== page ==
Camp counseling. Working at a local diner. Playing on a soccer team.
While this is the way some students would describe their pre-college activities, Brian Felix’s would be a bit different. Well, very different. Try “one-time member of a renowned electronic jazz-rock three piece” different. And after a life of constantly moving, accomplished pianist and former OM Trio member Brian Felix has finally settled in at the University of Illinois.
New Jersey’s Rutgers University is where it all began. Originally planning to study history and pursue music on the side, Felix ended up changing his mind and his major, despite having not previously looked into the college’s piano curriculum.
“Kenny Barron, the guy who was teaching there, is world-renowned as one of the best jazz pianists, and I didn’t even know who he was when I first went to Rutgers,” Felix said, laughing. “It was very fortunate for me that there was such a great music program. It worked out well.”
While in a band called Trim, he met Ilya Stemkovsky, a drummer who was moving to Oregon to start a group that would eventually become OM Trio. A year younger than Ilya, Felix finished his education and drove a U-Haul truck with all of his belongings to meet Stemkovsky and Pete Novembre, their new bassist, mere weeks after graduation.
After spending a bit of time in Oregon, the band relocated to San Francisco, which became their base for the next three years. They didn’t stick around California for too long, as constant touring caused them to always be on the road.
“It was everything you’d imagine. It had lots of amazing highs and lots of incredible lows,” Felix said. “Living on the road, being a band that doesn’t have any label funding – you know, we’re doing it all ourselves – it was really difficult at times. It’s just hard, it’s just hard to do.”
But traveling in a cramped van for ten weeks at a time only helped with the group’s camaraderie.
“When it came down to it, it was just the three of us,” he said. “When you’re in a touring band, you develop a certain tightness, a certain language, a certain repertoire. The only way you can establish that is by playing every night together. In that sense, it was amazing. You create this whole, like, musical world. And that’s really what kept us going – the music.”
Playing shows at famous venues across the country – House of Blues, the Fillmore and Great American Music Hall – with famous musicians like John Scofield, Charlie Hunter, Joshua Redman and King Crimson’s Tony Levin, OM Trio accomplished a lot with their phenomenal shows and innovative sound. But, sometimes, it takes more than just music.
“We played all these amazing shows, and at a certain point, you need to see the audience continue to grow in numbers. It’s just straight economics . and after about 2003, we stopped seeing growth,” Felix explained. “We weren’t, as they say, ‘blowing up,’ and we just knew that we couldn’t sustain it, mostly financially.”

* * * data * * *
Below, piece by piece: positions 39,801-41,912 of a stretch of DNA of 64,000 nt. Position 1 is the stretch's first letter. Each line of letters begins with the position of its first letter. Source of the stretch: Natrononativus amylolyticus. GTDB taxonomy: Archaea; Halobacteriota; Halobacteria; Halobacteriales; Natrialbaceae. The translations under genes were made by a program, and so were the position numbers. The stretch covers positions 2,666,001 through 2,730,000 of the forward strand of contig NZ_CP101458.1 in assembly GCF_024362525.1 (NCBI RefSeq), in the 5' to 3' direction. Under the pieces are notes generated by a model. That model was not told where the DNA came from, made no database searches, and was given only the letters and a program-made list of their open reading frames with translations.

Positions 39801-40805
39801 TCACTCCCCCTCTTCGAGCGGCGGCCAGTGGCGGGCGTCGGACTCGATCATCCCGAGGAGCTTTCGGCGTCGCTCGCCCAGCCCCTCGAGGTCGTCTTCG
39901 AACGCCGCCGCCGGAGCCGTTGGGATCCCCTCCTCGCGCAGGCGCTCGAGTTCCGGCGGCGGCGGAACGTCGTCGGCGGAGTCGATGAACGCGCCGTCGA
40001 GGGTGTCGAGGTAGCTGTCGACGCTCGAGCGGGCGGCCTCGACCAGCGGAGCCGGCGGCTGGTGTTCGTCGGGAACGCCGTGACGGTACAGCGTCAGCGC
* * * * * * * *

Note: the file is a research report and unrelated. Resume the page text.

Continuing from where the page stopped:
With monetary issues abounding, OM Trio called it quits in 2004, but still managed to accomplish their goal.
“We were going for something. We were going for this sound, and I think in the last year . we were really creating the sound that we were looking for,” he said. “We started . in Oregon as nothing, just a group of dudes, and we built something.”
After OM Trio, Felix began participating in the drum & bass quartet Drop Q and traveled to Chicago for a summer to do gigs with them. Formed at Summer Camp Music Festival three years ago with Umphrey’s McGee drummer Kris Myers, the group only performs a handful of shows, due to scheduling conflicts. And although his Drop Q bandmate isn’t experiencing the downfalls of touring that Felix encountered, he has no hard feelings.
“I love my life. So, as difficult as it was to stop touring with OM Trio, I’m happy with the way things are right now,” Felix said. “I think inevitably, there’s a certain amount of, ‘Well, they get to do the tour bus and the whole nine and get to play to the sold-out crowds every night,’ which is not something that I got to experience, so, there’s a little bit of that in there. But mostly, I’m just happy with the way things are.”
In the end, he permanently relocated to the Windy City, where he became a band member of The Make Believe, JUICE and The Machine, and Pete Carney and Orange Alert, and received a master’s degree in jazz studies from DePaul University. Now at the University of Illinois, he is pursuing a DMA (Doctor of Musical Arts) with a focus in jazz studies and hopes to pursue a career that utilizes all of his interests – history, performing and piano.
“The idea is to be teaching college-level jazz, college-level music history and then also be performing,” he said.
Felix, who now resides in an Urbana house of graduate students during the week and in Chicago each weekend, has remained modest in his future collaborative hopes, regardless of his musical accomplishments, college degrees and extensive nationwide tours.
“I would love to spend some time playing with super top-notch jazz players, because that’s the way you learn, right? You learn from spending time playing with people who are better than you and really, really push you,” he explained. “I feel like, if you’re not listening and you’re not learning from people, then what are you doing?”
If you’ll be in Chicago around the holiday season, don’t miss Brian Felix and Umphrey’s McGee’s Joel Cummins’ annual keyboard show, “An Intimate Evening of Solo & Duo Keyboard Music” (w/ special guests) on Friday, Dec. 21 at Schubas.